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Author Topic: Turner Classic Movies
Brad-
Nelson
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Brad Nelson
Post Re: Turner Classic Movies
on: February 24, 2019, 10:44
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Still on my bucket list is The Music Man. Haven't found it for free anywhere yet. But I may spring for it on VUDU.

Timothy-
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Post Re: Turner Classic Movies
on: March 2, 2019, 07:51
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Today TCM starts with a lot of science fiction. The Time Machine is on now, followed by Forbidden Planet at noon, Them! at 2 p.m., Destination Moon (which is the one I'm likeliest to see, never having done so previously -- and it was written by Robert Heinlein) at 3:45, and Close Encounters of the Third Kind at 5:30. All times EST, of course.

After that, they go with Dustin Hoffmann movies, starting with Tootsie at 8 p.m., then Victor/Victoria, and finally The Graduate.

Brad-
Nelson
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Brad Nelson
Post Re: Turner Classic Movies
on: March 2, 2019, 09:28
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I mentioned here lately that I watched The Time Machine. I had noted that, for some reason, it’s the best I’d ever seen it. Once in a while even a well-viewed movie will hit you that way.

I’ve got Forbidden Planet on Blu-ray. That’s how much I like it. It’s still difficult not to chuckle at Leslie Nielsen. Yes, I know this is a completely straight role for him. But his subsequent work in the 80’s and 90’s have broken that old Quinn Martin cop-show persona.

But he’s terrific in this. And according to a blurb at IMDB, this is truly one of the most important sci-films of all time:

This film marked one of the first times a science-fiction project had received a large budget. The genre had rarely been taken seriously by studio executives, and sci-fi films generally received the most meager of budgets. The critical success of this film convinced many in the film industry that well-funded science-fiction projects could be successful. Film historian Ben Mankiewicz has claimed that this film's success made future big-budget science-fiction films possible.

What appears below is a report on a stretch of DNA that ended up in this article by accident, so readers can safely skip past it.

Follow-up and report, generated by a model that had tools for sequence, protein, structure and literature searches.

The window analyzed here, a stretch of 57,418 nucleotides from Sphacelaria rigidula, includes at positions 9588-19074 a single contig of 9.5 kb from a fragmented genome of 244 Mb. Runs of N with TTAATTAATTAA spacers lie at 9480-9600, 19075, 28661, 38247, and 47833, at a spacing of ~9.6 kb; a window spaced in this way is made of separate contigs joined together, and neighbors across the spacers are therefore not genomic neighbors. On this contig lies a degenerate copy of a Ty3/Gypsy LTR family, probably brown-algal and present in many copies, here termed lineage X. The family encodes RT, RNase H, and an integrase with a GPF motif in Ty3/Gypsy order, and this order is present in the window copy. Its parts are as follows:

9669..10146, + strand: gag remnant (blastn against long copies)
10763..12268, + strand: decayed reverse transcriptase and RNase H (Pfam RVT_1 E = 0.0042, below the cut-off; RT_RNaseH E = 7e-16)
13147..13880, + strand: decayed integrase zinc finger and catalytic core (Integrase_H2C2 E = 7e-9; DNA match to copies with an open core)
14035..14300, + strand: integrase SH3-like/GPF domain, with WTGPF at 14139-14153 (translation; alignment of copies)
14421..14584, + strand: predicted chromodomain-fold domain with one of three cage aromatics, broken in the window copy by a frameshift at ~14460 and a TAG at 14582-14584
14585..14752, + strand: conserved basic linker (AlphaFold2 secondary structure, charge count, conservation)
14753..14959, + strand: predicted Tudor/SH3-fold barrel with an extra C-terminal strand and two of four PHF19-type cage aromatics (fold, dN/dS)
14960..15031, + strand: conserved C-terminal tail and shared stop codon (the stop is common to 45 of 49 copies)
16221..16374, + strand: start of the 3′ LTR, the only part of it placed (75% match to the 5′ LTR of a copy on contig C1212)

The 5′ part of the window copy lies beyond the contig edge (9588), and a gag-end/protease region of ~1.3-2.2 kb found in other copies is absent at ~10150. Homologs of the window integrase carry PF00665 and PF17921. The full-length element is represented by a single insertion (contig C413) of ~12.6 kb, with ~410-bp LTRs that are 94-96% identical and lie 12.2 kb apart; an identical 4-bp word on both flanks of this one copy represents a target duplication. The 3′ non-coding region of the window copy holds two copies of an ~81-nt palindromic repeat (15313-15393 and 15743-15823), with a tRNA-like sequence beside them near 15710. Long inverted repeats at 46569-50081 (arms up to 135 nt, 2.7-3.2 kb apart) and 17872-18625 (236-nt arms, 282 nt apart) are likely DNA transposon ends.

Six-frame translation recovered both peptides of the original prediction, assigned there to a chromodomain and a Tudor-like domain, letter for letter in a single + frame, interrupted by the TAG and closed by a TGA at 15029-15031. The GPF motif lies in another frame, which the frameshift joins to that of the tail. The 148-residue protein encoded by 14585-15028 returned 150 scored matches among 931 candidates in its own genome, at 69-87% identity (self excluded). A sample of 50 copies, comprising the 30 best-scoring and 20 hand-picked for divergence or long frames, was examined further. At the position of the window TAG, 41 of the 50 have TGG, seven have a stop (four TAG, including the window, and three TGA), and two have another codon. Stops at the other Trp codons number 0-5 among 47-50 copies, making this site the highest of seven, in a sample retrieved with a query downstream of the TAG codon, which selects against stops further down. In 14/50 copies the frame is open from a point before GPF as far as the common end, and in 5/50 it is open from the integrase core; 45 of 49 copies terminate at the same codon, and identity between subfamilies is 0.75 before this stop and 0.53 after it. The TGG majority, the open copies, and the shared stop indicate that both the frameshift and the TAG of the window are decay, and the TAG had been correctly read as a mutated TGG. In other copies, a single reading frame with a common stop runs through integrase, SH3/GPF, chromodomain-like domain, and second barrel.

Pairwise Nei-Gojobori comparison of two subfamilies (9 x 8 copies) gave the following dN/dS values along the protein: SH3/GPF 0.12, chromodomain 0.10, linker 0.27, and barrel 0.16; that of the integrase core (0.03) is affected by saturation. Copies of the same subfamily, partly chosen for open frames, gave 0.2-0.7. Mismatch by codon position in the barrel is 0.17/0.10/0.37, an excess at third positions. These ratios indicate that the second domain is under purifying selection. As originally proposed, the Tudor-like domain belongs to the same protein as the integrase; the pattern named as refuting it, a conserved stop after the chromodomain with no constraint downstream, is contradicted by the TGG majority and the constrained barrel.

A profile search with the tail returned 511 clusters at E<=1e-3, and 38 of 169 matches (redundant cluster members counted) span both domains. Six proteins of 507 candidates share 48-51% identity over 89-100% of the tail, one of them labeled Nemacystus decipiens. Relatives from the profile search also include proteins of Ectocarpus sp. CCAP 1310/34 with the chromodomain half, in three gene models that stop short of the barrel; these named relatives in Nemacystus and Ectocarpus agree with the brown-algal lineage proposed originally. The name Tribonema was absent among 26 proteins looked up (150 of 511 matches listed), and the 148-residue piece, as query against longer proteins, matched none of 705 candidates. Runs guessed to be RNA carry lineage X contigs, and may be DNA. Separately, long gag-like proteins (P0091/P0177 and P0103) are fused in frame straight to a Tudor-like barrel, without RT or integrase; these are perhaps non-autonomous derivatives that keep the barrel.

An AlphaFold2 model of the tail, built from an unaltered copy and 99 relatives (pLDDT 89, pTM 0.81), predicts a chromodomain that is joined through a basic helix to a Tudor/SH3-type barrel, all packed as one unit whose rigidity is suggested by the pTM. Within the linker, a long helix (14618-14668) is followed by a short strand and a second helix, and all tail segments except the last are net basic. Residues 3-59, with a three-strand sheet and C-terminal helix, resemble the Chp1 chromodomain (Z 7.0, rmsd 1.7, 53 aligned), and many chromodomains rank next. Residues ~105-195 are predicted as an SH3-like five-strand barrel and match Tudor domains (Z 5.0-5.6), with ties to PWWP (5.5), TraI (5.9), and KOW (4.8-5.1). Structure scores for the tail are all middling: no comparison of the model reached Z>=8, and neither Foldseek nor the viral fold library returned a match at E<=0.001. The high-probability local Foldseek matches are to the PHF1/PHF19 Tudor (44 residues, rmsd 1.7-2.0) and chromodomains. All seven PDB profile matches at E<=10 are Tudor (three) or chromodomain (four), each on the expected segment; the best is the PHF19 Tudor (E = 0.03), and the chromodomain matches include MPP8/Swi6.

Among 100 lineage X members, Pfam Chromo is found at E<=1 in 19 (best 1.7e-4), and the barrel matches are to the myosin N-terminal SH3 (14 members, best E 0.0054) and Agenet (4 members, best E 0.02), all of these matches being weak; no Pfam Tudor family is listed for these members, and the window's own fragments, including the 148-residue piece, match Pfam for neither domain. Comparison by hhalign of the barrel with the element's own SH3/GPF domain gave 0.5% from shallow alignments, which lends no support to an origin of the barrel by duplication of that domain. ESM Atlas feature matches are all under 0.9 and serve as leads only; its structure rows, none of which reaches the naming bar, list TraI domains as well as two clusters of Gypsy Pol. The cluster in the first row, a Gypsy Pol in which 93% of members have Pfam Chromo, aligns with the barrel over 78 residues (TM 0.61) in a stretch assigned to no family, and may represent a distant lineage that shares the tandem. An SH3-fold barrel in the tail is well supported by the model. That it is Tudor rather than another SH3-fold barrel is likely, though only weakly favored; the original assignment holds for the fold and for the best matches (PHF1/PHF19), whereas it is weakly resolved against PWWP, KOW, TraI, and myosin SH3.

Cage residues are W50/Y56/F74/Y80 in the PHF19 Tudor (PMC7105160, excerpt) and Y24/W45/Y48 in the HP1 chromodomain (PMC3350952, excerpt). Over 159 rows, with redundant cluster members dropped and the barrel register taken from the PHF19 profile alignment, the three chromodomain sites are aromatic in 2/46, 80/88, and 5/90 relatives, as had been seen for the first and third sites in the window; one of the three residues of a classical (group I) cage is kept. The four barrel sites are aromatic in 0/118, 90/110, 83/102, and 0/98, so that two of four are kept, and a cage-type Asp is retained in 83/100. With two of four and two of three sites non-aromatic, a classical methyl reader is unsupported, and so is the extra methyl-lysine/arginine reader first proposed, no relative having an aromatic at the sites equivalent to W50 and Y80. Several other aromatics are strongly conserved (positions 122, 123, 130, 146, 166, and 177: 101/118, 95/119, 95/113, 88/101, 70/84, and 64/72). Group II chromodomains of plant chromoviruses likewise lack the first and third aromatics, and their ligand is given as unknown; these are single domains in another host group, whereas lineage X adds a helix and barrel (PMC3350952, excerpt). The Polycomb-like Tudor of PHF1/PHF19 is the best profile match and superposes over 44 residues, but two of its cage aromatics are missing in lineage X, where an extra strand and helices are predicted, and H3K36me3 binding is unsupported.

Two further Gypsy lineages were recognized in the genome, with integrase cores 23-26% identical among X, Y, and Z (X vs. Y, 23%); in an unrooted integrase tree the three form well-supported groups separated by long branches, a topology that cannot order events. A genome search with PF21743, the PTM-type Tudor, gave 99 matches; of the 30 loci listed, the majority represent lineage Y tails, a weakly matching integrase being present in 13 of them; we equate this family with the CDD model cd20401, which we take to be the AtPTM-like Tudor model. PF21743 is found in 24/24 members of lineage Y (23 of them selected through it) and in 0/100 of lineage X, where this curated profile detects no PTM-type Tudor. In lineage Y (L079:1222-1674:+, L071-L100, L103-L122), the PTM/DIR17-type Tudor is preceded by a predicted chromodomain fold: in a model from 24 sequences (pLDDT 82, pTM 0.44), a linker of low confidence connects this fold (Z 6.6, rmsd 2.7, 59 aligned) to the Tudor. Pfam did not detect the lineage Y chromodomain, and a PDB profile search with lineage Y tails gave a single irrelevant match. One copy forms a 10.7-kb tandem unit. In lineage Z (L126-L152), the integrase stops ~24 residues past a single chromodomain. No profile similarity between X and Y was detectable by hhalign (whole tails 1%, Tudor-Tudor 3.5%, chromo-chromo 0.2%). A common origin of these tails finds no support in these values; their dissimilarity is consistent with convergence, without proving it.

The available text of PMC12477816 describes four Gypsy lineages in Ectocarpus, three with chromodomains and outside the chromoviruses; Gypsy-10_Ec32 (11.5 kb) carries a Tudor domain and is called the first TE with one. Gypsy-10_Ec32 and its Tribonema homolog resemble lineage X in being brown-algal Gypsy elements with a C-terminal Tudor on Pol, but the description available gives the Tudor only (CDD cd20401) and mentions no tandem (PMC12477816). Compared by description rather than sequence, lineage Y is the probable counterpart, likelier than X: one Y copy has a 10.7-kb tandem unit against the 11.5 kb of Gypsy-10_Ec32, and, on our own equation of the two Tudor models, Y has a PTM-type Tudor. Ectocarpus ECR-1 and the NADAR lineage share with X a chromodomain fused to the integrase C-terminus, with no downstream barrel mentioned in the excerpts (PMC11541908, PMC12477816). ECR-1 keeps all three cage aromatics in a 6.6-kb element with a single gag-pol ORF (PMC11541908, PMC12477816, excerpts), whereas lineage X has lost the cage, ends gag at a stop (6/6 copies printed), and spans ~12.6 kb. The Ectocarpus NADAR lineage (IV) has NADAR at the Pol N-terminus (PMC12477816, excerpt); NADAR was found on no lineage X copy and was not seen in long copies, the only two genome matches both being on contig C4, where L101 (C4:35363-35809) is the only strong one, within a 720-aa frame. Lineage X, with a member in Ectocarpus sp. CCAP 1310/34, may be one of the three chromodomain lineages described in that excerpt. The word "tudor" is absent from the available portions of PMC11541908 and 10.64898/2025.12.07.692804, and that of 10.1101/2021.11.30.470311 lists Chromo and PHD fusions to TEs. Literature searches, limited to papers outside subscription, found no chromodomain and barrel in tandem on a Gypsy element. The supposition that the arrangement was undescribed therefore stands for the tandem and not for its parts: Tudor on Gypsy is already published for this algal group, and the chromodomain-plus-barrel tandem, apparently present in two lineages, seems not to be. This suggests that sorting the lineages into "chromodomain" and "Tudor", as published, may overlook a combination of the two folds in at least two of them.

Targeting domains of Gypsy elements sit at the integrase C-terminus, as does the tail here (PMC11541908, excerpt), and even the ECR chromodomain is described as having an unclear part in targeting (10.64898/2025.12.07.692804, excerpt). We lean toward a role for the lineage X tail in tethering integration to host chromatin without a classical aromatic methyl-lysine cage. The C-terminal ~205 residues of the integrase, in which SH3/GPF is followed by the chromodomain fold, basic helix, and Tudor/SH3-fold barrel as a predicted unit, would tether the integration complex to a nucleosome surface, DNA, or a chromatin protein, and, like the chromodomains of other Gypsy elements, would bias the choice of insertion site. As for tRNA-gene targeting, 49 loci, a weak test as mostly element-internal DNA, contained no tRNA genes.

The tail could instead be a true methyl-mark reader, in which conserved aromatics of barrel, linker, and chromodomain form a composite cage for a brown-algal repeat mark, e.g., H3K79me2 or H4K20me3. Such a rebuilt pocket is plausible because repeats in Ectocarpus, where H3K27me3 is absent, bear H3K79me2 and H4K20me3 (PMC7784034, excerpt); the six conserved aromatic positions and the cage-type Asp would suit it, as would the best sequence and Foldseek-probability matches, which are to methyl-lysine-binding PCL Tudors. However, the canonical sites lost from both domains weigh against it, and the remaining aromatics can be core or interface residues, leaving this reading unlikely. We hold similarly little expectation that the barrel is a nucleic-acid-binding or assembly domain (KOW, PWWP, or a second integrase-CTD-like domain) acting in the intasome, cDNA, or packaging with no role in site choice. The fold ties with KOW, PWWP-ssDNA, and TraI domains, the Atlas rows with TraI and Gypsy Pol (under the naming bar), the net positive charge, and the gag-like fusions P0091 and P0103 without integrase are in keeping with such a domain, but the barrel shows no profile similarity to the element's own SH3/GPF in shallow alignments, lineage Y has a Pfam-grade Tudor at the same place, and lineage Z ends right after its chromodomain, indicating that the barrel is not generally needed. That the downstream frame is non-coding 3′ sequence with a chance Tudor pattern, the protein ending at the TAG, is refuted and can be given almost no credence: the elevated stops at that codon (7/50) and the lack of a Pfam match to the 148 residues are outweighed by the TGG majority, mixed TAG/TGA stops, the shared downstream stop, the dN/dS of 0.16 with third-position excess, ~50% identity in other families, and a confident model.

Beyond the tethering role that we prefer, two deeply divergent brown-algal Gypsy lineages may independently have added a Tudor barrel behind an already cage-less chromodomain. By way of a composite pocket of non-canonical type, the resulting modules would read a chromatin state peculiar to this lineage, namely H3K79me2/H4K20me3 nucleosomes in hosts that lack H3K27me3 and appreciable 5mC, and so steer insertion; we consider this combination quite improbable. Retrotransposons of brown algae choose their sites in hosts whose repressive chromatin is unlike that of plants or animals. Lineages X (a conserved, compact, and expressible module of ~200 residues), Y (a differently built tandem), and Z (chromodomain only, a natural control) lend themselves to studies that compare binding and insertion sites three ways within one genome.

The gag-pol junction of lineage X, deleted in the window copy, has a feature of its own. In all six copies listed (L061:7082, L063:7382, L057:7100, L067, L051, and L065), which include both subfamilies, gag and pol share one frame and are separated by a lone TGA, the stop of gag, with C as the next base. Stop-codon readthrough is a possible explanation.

Love this bit of trivia as well:

Star Trek (1966) creator Gene Roddenberry has been quoted as saying that this film was a major inspiration for that series. Perhaps not accidentally, Warren Stevens, who plays "Doc" here, would later be a guest star in 1968's Star Trek: By Any Other Name (1968), where the true shape of the alien Kelvans, like the Krell in this movie, was implied to be extremely non-humanoid but never shown. 1701, which is the serial number of the Starship Enterprise, allegedly comes from the clock mark 17:01 when the C57D enters orbit around Altair IV.

Here’s a bit of trivia I really didn’t need to know about one of my favorite movies. But it’s funny all the same:

This movie was filmed on the same stage on which The Wizard of Oz (1939) had been filmed 17 years earlier; the set of Altaira's garden is a reuse of the Munchkin Village set from "The Wizard of Oz”.

Ding dong, the ID is dead?

Timothy-
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Post Re: Turner Classic Movies
on: March 2, 2019, 14:42
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Well, I just finished Destination Moon. It's a nice movie, and influential in the development of the field. George Pal was a friend of Walter Lanz, so the scientific explanation (delivered to a group of businessmen whose support was being solicited) comes in the form of a Woody Woodpecker cartoon. It also uses an excellent analogy for the rocket by comparing it to the recoil of a shotgun. Of course, rockets (and jets, which use the same reaction but unlike rockets rely on air-breathing engines) were already very familiar from World War II. But a lot of people probably didn't realize that they could work even in a vacuum.

Pal often made Woody Woodpecker references in his movies, and it would be interesting to find them in much the same way one locates Alfred Hitchcock's cameos in (most of) his movies. The article on this mentioned that in The Time Machine a girl in the 1966 section, when the nuclear alert sounds, drops a Woody Woodpecker doll.

Another interesting segment comes late in the movie, when it turns out they don't have enough reaction mass to get back and land. They start tossing out unnecessary equipment, which gets them most of the way there. It looks like they might have to leave someone behind until they decide to leave their space suits (which won't be necessary if they don't have to leave the ship before landing on Earth) and radio (they could be tracked on Earth by radar). Was this an answer to "The Cold Equations"? Well, the story itself came out later, but similar plots had already appeared, one of them in 1949 -- the year before Destination Moon came out.

Timothy-
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Post Re: Turner Classic Movies
on: March 13, 2019, 07:58
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TCM has some interesting movies today. The Charge of the Light Brigade is on at 1:45 pm EDT. My main problem with the movie is that it has almost nothing to do with the actual event, not even the names of the major participants (unlike, say, Zulu). George MacDonald Fraser did like one of these aspects: the sepoy result at the beginning was effectively a recreation of the massacre at Cawnpore that began the great sepoy mutiny in 1859, 5 years after the Battle of Balaclava.

In addition, at 9:45 pm they have Hawaii, based on the first part of James Michener's book.

Brad-
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Brad Nelson